Wednesday, 28 October 2020

Eat Healthy Like a Doctor, Simple Steps to a Healthy Diet

Healthy Diet According to a Doctor:

The end of the Year is near;! If you are planning on making a New Year's Resolution this year and your resolution have something to do with diet, exercise or both, then this article is for you. To help us get off on the right foot with our health-related resolutions, we decided to ask some of our family Care doctors to share their tips for maintaining a healthy diet.


Know What’s in Your Food:


Most people’s diet problems are directly related to excessive salt, sugar, fat and bad carbohydrates.  Refined carbohydrates, such as white rice, white flour and sugar, are peculiarly harmful – they convert to LDL cholesterol, also known as the ‘bad’ cholesterol.” For that reason it’s important to acquaint yourself with the contents of the foods you eat over and over. If they are high in sodium, fat, sugar and carbohydrates, you have to avoid them or cut way back. 


Stay Hydrated:


It is important to stay hydrated gradually, throughout the day. “We have to be intentional” about drinking water, at least eight eight-ounce cups of water every day.  Not only do our bodies need plenty of water, drinking enough of it can help to overcome feelings of hunger. 


Break Your Fast:


The time gap between dinner and when we wake up in the next day morning is the longer period of time we go without eating.  That’s one reason it’s really crucial to eat a good breakfast every day – you literally are breaking a fast from the day before.


Having breakfast after waking up is good for your metabolism and a good breakfast helps stabilize your blood sugar levels, gives you energy to start your day and decreases the odds you will overeat at lunch. Eating a good breakfast is the most important thing you can do to maintain a healthy weight. 


Snacks are Your Friend:


Now that you know you should drink plenty of water and start your day with breakfast. But did you also know you should snack frequently throughout the day, as well?


Spreading your food intake out through the day helps avoid getting too hungry, which helps prevent overeating later. It also helps maintain a more constant blood glucose level. Eating smaller, frequent meals throughout the day, every two to three hours, helps you avoid over-consuming during lunch and dinner.


So, what should you snack on? Fruit – lots of fruit. Fruit can definitely be considered a great and healthy snack, provides fiber and has a lower glycemic index (meaning it has less of an effect on blood sugar levels) than eating chips, cookies or donuts. Another good option is to have a few heart healthy nuts, such as raw (unsalted) walnuts and almonds. Popcorn is another decent option, provided it’s not soak in butter and salt. 


What’s for Dinner :


You started your day with a good, healthy breakfast. You had a few healthy snacks in between meals, keeping your blood sugar levels fairly constant and avoiding feeling as though you are starving.  Now it’s time for dinner! how do you complete your day of healthy eating?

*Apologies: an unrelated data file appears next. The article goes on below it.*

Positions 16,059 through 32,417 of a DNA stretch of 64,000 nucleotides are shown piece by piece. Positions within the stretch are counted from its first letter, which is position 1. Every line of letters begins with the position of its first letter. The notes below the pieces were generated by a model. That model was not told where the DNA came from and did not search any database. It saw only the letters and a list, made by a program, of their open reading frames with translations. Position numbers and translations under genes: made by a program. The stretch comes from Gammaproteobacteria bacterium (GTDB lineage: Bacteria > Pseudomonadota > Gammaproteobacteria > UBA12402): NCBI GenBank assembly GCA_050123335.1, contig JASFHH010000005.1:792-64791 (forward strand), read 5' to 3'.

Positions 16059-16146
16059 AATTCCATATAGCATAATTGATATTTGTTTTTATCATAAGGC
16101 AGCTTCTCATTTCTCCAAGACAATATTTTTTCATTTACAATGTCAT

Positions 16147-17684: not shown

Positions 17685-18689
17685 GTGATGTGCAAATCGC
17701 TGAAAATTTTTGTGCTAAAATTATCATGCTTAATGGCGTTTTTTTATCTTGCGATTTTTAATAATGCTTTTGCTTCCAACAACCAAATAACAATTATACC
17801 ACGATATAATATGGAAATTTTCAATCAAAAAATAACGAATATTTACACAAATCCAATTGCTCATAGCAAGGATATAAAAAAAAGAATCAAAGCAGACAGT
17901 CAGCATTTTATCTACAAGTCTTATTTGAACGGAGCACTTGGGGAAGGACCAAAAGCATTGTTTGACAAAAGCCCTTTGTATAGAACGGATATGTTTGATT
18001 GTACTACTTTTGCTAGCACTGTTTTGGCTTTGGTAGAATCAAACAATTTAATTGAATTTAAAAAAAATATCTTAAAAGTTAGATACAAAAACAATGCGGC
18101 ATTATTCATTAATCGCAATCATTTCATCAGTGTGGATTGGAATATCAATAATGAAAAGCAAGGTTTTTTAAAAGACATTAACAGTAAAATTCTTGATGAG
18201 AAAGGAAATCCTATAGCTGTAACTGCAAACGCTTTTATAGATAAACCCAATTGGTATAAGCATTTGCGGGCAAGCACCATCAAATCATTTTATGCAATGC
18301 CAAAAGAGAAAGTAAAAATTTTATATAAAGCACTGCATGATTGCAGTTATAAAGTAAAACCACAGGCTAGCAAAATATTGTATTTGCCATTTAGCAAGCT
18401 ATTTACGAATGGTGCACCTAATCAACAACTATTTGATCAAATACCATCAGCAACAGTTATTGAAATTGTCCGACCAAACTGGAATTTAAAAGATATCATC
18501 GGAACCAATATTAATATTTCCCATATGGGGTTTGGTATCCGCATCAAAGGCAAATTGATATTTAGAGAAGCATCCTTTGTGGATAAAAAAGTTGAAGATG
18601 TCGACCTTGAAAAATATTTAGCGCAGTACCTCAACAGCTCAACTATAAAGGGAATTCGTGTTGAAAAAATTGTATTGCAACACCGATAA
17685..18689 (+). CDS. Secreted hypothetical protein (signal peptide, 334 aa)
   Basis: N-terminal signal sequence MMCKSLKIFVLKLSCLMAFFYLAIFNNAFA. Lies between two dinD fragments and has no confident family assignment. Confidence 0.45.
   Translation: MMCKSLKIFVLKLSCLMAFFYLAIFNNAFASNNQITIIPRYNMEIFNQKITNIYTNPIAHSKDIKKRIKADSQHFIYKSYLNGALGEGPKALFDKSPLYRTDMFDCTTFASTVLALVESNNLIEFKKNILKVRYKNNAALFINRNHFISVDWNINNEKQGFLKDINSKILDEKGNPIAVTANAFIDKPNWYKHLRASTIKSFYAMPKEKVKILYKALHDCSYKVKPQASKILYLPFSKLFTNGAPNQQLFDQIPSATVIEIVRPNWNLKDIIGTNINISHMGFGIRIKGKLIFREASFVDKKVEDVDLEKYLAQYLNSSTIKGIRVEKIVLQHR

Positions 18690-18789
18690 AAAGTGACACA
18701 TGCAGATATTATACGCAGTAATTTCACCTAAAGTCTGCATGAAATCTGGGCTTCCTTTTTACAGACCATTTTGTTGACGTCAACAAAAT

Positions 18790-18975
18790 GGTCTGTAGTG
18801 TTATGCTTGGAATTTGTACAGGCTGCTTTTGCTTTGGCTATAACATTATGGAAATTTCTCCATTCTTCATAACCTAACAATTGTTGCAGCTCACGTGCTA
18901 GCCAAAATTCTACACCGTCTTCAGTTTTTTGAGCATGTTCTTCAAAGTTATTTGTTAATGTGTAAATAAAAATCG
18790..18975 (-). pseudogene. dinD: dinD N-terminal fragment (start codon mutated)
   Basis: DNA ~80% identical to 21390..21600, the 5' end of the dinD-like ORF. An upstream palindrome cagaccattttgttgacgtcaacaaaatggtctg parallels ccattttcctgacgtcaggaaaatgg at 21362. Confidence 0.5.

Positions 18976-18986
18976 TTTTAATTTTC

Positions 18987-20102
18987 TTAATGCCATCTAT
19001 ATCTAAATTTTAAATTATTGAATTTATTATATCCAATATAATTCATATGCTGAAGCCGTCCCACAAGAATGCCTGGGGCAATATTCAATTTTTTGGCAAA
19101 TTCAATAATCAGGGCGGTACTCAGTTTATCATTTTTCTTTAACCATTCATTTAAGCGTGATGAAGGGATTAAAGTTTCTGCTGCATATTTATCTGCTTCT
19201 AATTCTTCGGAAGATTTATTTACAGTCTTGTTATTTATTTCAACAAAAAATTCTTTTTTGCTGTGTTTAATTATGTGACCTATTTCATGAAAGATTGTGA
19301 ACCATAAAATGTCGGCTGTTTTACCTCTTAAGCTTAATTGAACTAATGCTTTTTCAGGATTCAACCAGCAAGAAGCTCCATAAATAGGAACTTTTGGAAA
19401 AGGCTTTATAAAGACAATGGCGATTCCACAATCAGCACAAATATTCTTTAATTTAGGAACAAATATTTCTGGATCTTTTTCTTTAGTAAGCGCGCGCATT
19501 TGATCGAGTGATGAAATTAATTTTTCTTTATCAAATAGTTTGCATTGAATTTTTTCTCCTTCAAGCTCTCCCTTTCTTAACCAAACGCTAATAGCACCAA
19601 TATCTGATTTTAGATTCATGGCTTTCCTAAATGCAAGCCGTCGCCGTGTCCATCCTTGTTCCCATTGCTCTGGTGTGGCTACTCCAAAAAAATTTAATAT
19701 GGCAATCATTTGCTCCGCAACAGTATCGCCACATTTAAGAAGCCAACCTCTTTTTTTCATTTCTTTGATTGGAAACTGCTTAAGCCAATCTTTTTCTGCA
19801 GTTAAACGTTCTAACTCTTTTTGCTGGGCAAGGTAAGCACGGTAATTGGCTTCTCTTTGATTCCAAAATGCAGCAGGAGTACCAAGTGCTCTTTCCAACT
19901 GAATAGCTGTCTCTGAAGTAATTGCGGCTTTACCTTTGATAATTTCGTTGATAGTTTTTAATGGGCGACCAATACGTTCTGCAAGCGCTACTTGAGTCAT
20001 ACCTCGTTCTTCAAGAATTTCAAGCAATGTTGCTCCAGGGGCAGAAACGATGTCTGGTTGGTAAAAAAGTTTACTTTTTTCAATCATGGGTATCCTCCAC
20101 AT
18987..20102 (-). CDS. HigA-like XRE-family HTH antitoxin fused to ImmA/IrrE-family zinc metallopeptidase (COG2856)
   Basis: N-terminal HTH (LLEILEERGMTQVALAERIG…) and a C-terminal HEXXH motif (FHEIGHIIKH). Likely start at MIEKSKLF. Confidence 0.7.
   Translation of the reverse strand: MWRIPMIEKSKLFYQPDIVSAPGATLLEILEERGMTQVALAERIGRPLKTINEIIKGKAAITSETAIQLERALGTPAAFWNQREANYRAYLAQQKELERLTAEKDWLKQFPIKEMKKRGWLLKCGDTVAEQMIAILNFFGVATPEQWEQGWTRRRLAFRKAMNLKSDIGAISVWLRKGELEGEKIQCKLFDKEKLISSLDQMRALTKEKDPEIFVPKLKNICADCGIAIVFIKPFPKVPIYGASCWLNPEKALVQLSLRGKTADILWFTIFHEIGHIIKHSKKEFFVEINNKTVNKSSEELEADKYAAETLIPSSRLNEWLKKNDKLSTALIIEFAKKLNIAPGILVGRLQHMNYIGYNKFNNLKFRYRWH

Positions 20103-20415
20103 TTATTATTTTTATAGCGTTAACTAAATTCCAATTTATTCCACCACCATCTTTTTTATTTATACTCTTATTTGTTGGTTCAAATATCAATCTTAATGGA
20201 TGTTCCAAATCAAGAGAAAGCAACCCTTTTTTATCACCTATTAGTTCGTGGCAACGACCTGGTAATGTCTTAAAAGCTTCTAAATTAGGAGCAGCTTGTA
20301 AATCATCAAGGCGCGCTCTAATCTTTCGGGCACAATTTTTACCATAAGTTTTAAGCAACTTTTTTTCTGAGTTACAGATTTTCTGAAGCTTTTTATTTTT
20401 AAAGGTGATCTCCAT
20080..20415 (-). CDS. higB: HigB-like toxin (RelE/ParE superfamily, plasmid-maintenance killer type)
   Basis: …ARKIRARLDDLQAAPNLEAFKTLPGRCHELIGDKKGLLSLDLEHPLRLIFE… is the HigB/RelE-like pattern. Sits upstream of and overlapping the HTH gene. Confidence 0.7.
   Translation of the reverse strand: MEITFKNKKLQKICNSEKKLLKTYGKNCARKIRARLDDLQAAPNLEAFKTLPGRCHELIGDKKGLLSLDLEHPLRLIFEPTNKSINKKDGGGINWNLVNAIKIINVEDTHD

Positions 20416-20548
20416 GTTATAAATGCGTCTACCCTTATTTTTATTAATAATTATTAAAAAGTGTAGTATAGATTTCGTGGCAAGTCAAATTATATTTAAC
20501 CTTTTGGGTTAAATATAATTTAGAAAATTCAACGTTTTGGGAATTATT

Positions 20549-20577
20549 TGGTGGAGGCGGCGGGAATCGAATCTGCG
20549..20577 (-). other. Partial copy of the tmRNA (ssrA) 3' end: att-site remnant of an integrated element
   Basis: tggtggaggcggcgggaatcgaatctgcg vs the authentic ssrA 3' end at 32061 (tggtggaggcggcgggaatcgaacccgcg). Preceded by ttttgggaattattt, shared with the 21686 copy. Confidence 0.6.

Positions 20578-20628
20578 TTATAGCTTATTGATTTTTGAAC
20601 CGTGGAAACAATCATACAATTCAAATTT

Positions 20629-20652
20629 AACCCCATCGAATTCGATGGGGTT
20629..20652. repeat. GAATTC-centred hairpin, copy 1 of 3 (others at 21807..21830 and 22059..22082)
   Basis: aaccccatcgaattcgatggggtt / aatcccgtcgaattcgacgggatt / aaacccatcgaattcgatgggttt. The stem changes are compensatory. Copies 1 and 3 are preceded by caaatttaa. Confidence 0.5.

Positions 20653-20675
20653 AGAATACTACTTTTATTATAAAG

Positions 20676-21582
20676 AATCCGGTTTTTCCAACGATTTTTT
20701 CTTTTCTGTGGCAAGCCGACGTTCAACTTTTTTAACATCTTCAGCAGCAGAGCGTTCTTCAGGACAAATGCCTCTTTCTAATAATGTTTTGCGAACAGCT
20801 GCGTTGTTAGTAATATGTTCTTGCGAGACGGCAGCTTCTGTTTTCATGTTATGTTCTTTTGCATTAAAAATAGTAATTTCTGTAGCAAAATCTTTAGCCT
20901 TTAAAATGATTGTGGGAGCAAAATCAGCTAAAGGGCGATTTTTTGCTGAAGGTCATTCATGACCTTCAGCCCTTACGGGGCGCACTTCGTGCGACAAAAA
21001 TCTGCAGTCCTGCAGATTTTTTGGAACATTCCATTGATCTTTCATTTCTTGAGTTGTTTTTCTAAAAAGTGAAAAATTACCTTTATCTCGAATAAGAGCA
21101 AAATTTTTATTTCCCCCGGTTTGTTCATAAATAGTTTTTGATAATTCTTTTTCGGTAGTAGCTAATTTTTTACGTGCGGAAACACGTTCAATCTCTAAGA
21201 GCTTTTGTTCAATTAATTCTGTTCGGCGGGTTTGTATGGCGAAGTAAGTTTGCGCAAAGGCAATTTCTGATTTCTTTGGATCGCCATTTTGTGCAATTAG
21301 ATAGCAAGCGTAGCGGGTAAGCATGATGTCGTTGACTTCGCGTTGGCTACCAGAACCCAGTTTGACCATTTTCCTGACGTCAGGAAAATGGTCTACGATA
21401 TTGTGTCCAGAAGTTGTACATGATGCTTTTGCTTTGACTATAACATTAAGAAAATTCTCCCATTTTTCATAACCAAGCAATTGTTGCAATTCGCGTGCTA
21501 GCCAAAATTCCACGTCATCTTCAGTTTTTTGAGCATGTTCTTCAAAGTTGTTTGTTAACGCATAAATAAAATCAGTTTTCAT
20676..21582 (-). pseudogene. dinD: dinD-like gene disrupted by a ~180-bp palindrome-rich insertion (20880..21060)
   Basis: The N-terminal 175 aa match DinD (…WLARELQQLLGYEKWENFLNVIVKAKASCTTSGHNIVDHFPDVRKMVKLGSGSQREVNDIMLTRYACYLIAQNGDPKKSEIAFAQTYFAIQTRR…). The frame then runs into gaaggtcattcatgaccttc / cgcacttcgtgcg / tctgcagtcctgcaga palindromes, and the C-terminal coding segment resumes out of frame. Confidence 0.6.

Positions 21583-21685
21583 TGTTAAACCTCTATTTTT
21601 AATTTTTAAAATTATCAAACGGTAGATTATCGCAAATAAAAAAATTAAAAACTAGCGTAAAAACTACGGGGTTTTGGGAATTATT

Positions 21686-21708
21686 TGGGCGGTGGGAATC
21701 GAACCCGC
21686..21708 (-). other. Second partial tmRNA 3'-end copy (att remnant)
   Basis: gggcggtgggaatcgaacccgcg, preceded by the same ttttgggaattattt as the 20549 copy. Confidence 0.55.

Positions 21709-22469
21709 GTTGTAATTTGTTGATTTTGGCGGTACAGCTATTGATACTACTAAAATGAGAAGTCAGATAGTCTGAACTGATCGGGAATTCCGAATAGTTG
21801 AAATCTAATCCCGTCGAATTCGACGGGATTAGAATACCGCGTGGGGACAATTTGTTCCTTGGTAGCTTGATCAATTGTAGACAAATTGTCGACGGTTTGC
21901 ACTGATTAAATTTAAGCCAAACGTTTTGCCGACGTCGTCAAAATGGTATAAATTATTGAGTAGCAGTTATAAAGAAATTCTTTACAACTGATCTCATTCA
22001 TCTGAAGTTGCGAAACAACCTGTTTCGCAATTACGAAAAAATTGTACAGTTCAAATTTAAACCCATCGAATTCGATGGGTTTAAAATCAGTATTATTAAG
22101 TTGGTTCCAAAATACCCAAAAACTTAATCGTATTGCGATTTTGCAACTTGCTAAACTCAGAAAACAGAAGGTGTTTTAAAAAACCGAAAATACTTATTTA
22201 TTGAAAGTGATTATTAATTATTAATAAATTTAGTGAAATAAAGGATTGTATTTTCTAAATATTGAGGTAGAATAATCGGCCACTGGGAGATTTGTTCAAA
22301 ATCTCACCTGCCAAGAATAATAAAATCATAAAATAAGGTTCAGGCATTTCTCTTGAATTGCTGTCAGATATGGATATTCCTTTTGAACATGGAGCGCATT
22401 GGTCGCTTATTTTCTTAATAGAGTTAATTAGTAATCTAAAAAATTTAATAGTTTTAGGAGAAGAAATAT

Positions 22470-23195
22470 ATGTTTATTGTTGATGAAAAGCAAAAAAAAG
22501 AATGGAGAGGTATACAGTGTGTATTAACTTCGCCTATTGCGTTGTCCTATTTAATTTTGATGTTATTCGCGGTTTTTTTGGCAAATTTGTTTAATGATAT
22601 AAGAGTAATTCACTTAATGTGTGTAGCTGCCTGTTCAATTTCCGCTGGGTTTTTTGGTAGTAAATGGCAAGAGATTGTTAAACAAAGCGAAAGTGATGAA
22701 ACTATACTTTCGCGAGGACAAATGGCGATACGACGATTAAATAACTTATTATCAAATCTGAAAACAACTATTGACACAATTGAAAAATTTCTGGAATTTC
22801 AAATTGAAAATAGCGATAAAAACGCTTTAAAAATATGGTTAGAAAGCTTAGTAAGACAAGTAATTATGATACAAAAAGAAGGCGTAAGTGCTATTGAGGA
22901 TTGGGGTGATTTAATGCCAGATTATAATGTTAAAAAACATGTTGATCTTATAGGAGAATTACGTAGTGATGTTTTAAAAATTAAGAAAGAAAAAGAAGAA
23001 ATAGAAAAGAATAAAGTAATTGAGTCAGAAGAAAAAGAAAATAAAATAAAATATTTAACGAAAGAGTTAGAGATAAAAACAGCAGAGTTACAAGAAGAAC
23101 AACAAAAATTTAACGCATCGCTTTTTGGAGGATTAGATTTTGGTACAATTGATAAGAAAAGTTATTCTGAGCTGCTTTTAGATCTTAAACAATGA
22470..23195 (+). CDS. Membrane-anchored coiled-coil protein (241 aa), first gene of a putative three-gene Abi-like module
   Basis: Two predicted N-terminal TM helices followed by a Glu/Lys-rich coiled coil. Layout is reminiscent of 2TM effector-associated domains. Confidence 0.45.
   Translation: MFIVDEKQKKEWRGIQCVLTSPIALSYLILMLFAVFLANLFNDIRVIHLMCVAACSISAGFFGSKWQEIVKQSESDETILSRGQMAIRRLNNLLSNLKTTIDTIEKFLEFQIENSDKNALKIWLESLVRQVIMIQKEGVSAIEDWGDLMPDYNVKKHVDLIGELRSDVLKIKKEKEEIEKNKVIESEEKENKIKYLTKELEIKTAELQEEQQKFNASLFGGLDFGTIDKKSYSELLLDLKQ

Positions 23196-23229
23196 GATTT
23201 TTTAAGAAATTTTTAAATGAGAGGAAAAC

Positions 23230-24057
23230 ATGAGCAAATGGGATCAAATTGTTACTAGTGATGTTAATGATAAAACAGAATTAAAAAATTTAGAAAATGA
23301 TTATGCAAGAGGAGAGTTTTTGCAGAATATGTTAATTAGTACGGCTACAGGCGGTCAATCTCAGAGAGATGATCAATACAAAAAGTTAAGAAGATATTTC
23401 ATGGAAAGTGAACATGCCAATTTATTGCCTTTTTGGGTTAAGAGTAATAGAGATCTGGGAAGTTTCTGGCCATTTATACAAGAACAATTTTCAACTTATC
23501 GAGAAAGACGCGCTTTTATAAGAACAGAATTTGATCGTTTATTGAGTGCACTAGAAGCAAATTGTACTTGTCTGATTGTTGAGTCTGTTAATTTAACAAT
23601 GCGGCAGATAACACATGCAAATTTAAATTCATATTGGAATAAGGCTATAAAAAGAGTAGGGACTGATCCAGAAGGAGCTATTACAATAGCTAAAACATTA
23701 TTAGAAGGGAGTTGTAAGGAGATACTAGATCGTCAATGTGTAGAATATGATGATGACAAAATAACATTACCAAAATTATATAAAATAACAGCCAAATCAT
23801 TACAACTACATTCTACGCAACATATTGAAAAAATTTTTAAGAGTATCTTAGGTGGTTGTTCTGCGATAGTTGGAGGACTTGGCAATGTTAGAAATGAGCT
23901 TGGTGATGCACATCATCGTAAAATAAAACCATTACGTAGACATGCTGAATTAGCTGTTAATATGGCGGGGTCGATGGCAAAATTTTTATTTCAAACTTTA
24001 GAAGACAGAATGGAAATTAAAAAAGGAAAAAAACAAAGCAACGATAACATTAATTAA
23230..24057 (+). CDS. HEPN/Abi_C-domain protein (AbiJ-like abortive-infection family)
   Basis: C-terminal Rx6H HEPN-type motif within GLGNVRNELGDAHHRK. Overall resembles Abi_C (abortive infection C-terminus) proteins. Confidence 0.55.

Docotrs recommends your dinner should include plenty of vegetables, to go with the fruit you’ve hopefully previously had.  Choose a heart-healthy protein for your entrĂ©e, such as wild salmon. Most importantly, be aware of portion size. Usually, a four-ounce serving of meat or fish provides the calories you need. 


You don’t have to cut out all your favorite foods to maintain a healthy diet. Having a burger or pizza is fine as an occasional thing, but don't eat them every day!  You can eat red meat, but in moderation.  Eat more chicken, pork, fish and non-meat meals. Most Doctors recommends eating your dinner early enough in the evening that you’re not going to bed with a full stomach. If you go to bed with stomach full, the food you have taken can more easily turn into fat.


Tips and Tools :


Now that you know how to eat better, it's a good time to start exercising too. Lets Work out!. Perform some good aerobic exercise at least three days a week, as well as some resistance training and weight work too. And as you are restructuring your diet and exercising to lose weight, you’ll want to know whether it's working or not. You have to step on the scale, but don’t overdo it. Weigh yourself once a week at the same day and same time. This helps keep you on track, but without sweating the daily fluctuations.


While building healthy habits, keep track of how much you eat and work out; use any best (like Weight Watchers) online app to track all your activities, or any method of tracking will work. The main thing is to recognize how much is your calorie intake versus how much you are burning off.


Remember, losing weight boils down to one simple equation: we have to burn more calories than we consume.  Attacking both sides of that equation at the same time (Eat Less + Exercise More) is the best way to start seeing results – and the best way to improve your health.


Good luck with your resolutions!   

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